|Publication number||US4605218 A|
|Application number||US 06/545,728|
|Publication date||Aug 12, 1986|
|Filing date||Oct 26, 1983|
|Priority date||Oct 26, 1983|
|Publication number||06545728, 545728, US 4605218 A, US 4605218A, US-A-4605218, US4605218 A, US4605218A|
|Inventors||James A. Knepper, Leroy Rose|
|Original Assignee||International Business Machines Corporation|
|Export Citation||BiBTeX, EndNote, RefMan|
|Patent Citations (12), Referenced by (17), Classifications (14), Legal Events (5)|
|External Links: USPTO, USPTO Assignment, Espacenet|
This invention relates to paper feed devices and more particularly relates to a mounting mechanism capable of maintaining relatively constant normal force between paper feed rolls despite variations in roll position.
Many types of paper processing machines such as convenience copiers, printers, and the like, utilize paper feeding devices to move documents to a processing station. Machine operators may feed documents by inserting them one at a time into a feeding mechanism or may place a stack of documents upon a feed tray from which they are automatically fed. Blank sheets to be printed are generally fed to a print receiving station from a stack of sheets.
U.S. Pat. No. 4,052,054 describes a semiautomatic document feed device (SADF) for a convenience copier. In that device, the operator inserts a document to be copied into a pair of aligner rolls positioned near the front of the machine. Those rolls take the document from the operator's hand and move it forward to register the leading edge of the document against an entry gate. While moving the document forward, the aligner rolls simultaneously move the document sideways to a reference edge near the front of the machine so that when the document reaches the entry gate the side edge of the document is also in proper position. In the SADF shown in the above-mentioned patent, a second set of aligner rolls are provided near the rear of the machine such that the leading edge of a second document to be copied can be positioned at the entry gate in side-by-side relationship with a first document. As the second set of aligner rolls operate, the second document is side-edge referenced against a reference edge at the rear of the machine. When the entry gate drops, the aligner rolls are restarted to feed the two sheets to the processing station simultaneously.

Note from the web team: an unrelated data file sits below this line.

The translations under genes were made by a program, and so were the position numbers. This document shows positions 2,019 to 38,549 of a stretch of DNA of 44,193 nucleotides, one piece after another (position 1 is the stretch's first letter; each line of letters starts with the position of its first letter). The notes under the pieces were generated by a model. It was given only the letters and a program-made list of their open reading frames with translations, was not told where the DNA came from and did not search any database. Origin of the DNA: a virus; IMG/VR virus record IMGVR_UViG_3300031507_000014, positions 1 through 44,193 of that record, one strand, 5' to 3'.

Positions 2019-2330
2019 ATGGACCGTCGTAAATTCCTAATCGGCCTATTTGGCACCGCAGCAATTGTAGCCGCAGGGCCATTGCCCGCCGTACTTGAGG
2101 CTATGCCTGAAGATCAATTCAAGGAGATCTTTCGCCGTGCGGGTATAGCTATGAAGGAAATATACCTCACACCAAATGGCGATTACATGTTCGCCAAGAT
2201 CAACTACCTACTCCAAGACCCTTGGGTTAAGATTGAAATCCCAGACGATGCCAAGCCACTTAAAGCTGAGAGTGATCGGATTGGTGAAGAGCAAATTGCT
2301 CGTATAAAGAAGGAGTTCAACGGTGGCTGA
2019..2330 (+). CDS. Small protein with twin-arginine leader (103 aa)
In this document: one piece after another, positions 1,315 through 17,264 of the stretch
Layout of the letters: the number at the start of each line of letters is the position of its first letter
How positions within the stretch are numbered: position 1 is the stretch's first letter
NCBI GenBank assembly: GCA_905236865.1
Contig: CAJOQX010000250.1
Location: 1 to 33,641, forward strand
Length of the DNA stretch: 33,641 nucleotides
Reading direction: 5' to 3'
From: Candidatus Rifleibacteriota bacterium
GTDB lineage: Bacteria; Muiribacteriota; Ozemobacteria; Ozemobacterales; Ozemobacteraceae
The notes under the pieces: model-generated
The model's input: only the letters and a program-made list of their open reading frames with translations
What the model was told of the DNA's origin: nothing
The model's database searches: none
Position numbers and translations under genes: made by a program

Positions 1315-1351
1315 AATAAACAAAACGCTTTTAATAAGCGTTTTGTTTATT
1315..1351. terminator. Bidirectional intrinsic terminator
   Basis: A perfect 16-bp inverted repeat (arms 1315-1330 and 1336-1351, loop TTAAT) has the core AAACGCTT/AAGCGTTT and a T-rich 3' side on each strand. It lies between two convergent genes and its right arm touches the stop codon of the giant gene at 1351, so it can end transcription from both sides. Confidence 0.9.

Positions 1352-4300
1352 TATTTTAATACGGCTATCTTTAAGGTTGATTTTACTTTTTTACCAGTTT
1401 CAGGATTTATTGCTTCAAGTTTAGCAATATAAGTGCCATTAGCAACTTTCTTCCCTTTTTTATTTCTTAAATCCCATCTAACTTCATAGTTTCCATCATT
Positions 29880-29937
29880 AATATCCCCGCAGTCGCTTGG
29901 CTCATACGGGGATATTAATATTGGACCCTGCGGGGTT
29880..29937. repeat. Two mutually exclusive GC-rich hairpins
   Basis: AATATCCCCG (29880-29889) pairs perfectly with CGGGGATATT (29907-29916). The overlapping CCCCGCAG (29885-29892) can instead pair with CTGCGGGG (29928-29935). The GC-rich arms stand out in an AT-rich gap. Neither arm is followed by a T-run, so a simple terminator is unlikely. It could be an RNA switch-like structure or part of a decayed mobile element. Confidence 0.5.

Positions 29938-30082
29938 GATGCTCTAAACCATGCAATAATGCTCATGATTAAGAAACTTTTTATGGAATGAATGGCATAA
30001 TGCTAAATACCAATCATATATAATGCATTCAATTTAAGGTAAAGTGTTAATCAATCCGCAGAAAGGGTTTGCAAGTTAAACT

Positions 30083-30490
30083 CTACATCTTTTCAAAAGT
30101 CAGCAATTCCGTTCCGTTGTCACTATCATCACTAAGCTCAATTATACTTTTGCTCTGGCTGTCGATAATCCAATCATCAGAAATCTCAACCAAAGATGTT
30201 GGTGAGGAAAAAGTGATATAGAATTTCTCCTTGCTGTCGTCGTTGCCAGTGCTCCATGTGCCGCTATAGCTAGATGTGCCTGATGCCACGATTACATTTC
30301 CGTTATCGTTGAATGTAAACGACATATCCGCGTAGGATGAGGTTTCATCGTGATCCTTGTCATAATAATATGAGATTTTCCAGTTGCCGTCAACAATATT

In the operation of the device described in the above-named patent, it is sometimes desired to copy a wide sheet of paper, for example, a computer printout sheet, which comes under the influence of both the front aligner rolls and the rear aligner rolls. Since the front aligner rolls attempt to move the side edge of the sheet toward a front reference edge and the rear aligner rolls attempt to move the sheet toward a rear reference edge, the two sets of aligner rolls tend to move the sheet to be copied in opposite directions. In the device described in the above-mentioned patent, it is desired to move the sheet toward the front reference edge for proper positioning, and therefore a slightly higher normal force must be exerted between the aligner rolls at the front than is exerted between the aligner rolls at the rear. By so doing, the large sheet is caused to slip in the nip of the rear aligner rolls and is moved to the front reference edge.